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The contact process is the current method of producing sulfuric acid in the high concentrations needed for industrial processes. Platinum used to be the catalyst for this reaction, however as it is susceptible to reacting with arsenic impurities in the sulfur feedstock, vanadium(V) oxide (V2O5) is now preferred.
This process was patented in 1831 by British vinegar merchant Peregrine Phillips. In addition to being a far more economical process for producing concentrated sulfuric acid than the previous lead chamber process, the contact process also produces sulfur trioxide and oleum.
The process can be divided into five stages:
- combining of sulphur and oxygen
- purifying sulphur dioxide in the purification unit;
- adding excess of oxygen to sulfur dioxide in presence of catalyst vanadium pentoxide, with temperatures of 450 degrees Celsius and pressure of 1-2 atm.;
- sulfur trioxide formed is added to sulfuric acid which gives rise to oleum (disulfuric acid);
- the oleum then is added to water to form sulfuric acid which is very concentrated.
To conserve energy, the mixture is heated by exhaust gases from the catalytic converter by heat exchangers.
Sulfur dioxide and oxygen then react as follows:
- 2 SO2(g) + O2(g) ⇌ 2 SO3(g) : ΔH = -197 kJ mol −1
According to the Le Chatelier's principle, a lower temperature should be used to shift the chemical equilibrium towards the right, hence increasing the percentage yield. However too low of a temperature will lower the formation rate to an uneconomical level. Hence to increase the reaction rate, high temperatures (450 °C), medium pressures (1-2 atm), and vanadium(V) oxide (V2O5) are used to ensure a 96% conversion. Platinum would be a more effective catalyst, but it is very costly and easily poisoned. The catalyst only serves to increase the rate of reaction as it does not change the position of the thermodynamic equilibrium. The mechanism for the action of the catalyst comprises two steps:
1. Oxidation of SO2 into SO3 by V5+:
- 2 SO2 + 4V5+ + 2 O2− → 2 SO3 + 4V4+
2. Oxidation of V4+ back into V5+ by oxygen (catalyst regeneration):
- 4 V4+ + O2 → 4 V5+ + 2 O2−
Hot sulfur trioxide passes through the heat exchanger and is dissolved in concentrated H2SO4 in the absorption tower to form oleum:
- H2SO4(l) + SO3(g) → H2S2O7(l)
Note that directly dissolving SO3 in water is impractical due to the highly exothermic nature of the reaction. Acidic vapor or mists are formed instead of a liquid.
Oleum is reacted with water to form concentrated H2SO4.
The average percentage yield of this reaction is around 30%.
- H2S2O7(l) + H2O(l) → 2 H2SO4(l)
This includes the dusting tower, cooling pipes, scrubbing tower, drying tower, arsenic purifier and testing box.
The next step to the Contact Process is DCDA or Double Contact Double Absorption. In this process the product gases (SO2) and (SO3) are passed through absorption towers twice to achieve further absorption and conversion of SO2 to SO3 and production of higher grade sulfuric acid.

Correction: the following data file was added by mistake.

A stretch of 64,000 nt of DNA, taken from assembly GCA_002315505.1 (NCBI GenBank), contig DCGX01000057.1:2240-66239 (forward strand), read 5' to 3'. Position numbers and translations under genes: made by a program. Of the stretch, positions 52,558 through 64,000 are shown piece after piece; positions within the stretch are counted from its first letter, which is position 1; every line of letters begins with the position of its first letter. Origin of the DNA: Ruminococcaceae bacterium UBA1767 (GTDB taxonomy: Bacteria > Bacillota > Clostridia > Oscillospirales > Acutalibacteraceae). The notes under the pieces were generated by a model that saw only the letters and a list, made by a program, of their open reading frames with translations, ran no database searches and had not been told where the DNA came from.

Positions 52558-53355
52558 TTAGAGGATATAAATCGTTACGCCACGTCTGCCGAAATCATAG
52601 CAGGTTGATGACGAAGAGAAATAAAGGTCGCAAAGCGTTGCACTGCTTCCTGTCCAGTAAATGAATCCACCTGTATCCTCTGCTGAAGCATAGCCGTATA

SO2-rich gases enter the catalytic converter, usually a tower with multiple catalyst beds, and are converted to SO3, achieving the first stage of conversion. The exit gases from this stage contain both SO2 and SO3 which are passed through intermediate absorption towers where sulfuric acid is trickled down packed columns and SO3 reacts with water increasing the sulfuric acid concentration. Though SO2 too passes through the tower it is unreactive and comes out of the absorption tower.
This stream of gas containing SO2, after necessary cooling is passed through the catalytic converter bed column again achieving up to 99.8% conversion of SO2 to SO3 and the gases are again passed through the final absorption column thus resulting not only achieving high conversion efficiency for SO2 but also enabling production of higher concentration of sulfuric acid.
The industrial production of sulfuric acid involves proper control of temperatures and flow rates of the gases as both the conversion efficiency and absorption are dependent on these.
- On March 21, 1831, Peregrine Phillips, Jr., a vinegar manufacturer in Bristol, England, received British patent 6096 for "Certain improvements in manufacturing sulfuric acid, … " See:
- The Repertory of Patent Inventions … , no. 72 (April 1831), page 248.
- (Anon.) (1832) "English patents: Specification of the patent granted to Peregrine Phillips, Jr. of Bristol, in the county of Somersetshire, Vinegar Maker, for an improvement in manufacturing Sulphuric Acid. Dated March 21, 1831." Journal of the Franklin Institute, new series, vol. 9, pages 180-182.
- Ernest Cook (March 20, 1926) "Peregrine Phillips, the inventor of the contact process for sulphuric acid," Nature, 117 (2942) : 419-421.
- George Lunge, Theoretical and Practical Treatise on the Manufacture of Sulphuric Acid and Alkali, with the Collateral Branches, 3rd ed., vol. 1, part 2 (London, England: Gurney and Jackson, 1903), page 975.